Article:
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Bankruptcy Litigation

Funds Transferred From a Client Trust Account Can Be Property of the Debtor That Is Subject to a Fraudulent Transfer Claim

By: Adam C.B. Lanza

St. John’s Law Student

American Bankruptcy Institute Law Review Staff

 

In In re Dayton Title Agency, Inc., where a title company’s bankruptcy estate sued a paid-off lender to recover a fraudulent transfer,[1] the Sixth Circuit Court of Appeals held that the funds paid out of the debtor’s trust account constituted property of the debtor at the time of transfer for purposes of avoiding a fraudulent transfer.[2] In Dayton Title, the chapter 7 trustee (“trustee”) commenced an adversary proceeding to avoid, as a constructively fraudulent transfer, a payment the debtor had made to its client’s lender from the trustee’s client trust account without waiting for a forged check to clear.[3]  The funds used to make the payment were from a provisional credit that the debtor’s bank extended to it.[4]  In response to the fraudulent transfer action, the lender argued, among other things, that the transfer was not constructively fraudulent because the money that the lender received was not property of the title agency, as the money was being held in trust for a third party.[5] The bankruptcy court entered summary judgment in favor of the trustee, holding that majority of the payment was constructively fraudulent.[6]  On appeal, the district court held that only a small portion of the payment was fraudulent.[7]  However, the Sixth Circuit reversed the district court and affirmed the bankruptcy court’s ruling.[8]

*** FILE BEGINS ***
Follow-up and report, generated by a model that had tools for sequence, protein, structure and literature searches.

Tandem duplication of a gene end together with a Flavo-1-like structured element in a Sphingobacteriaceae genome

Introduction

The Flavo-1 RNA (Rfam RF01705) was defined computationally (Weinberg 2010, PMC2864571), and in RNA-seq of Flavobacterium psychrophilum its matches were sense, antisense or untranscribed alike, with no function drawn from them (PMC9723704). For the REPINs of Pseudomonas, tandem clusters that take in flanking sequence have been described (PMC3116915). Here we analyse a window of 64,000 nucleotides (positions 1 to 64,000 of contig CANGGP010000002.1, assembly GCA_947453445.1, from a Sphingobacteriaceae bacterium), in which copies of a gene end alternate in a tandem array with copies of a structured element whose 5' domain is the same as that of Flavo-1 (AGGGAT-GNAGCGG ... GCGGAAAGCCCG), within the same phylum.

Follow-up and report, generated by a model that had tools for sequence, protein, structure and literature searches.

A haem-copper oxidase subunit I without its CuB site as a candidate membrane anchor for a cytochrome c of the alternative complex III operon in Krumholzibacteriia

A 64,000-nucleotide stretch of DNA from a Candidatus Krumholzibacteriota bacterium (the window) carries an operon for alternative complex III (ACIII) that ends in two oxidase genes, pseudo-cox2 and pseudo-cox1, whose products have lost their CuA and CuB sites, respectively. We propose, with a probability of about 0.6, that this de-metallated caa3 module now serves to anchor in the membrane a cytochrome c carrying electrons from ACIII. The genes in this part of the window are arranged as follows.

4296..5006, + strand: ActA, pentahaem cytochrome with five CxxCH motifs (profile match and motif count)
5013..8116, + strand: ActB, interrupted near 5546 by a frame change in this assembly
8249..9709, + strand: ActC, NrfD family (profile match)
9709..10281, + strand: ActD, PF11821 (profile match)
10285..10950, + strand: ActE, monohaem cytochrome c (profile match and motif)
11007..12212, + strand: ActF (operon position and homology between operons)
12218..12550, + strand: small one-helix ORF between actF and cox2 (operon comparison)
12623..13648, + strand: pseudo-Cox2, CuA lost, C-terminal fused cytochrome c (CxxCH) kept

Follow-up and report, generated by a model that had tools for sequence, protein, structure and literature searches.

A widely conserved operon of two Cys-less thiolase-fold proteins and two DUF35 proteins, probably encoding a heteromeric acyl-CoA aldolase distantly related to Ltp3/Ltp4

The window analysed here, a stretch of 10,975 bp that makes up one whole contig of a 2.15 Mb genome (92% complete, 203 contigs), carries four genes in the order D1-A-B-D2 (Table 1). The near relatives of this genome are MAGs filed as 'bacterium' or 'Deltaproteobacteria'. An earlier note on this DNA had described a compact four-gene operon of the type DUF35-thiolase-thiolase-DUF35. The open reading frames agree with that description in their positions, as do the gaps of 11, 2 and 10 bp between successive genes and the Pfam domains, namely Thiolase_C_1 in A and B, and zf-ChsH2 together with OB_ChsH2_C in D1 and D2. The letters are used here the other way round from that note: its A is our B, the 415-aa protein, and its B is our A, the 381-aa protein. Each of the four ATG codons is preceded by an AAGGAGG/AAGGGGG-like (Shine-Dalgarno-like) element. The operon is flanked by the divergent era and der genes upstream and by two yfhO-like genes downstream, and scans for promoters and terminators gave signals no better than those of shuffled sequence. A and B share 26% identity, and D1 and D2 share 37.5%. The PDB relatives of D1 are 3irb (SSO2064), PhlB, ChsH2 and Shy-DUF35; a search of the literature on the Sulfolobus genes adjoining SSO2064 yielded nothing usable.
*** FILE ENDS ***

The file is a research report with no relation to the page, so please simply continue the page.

Liquidating Trustees Not Allowed to Wear Their Non-Bankruptcy Hats to Avoid Swap Transactions as Fraudulent Conveyances

By: Aura M. Gomez Lopez

St. John’s University Law Student

American Bankruptcy Law Review Staff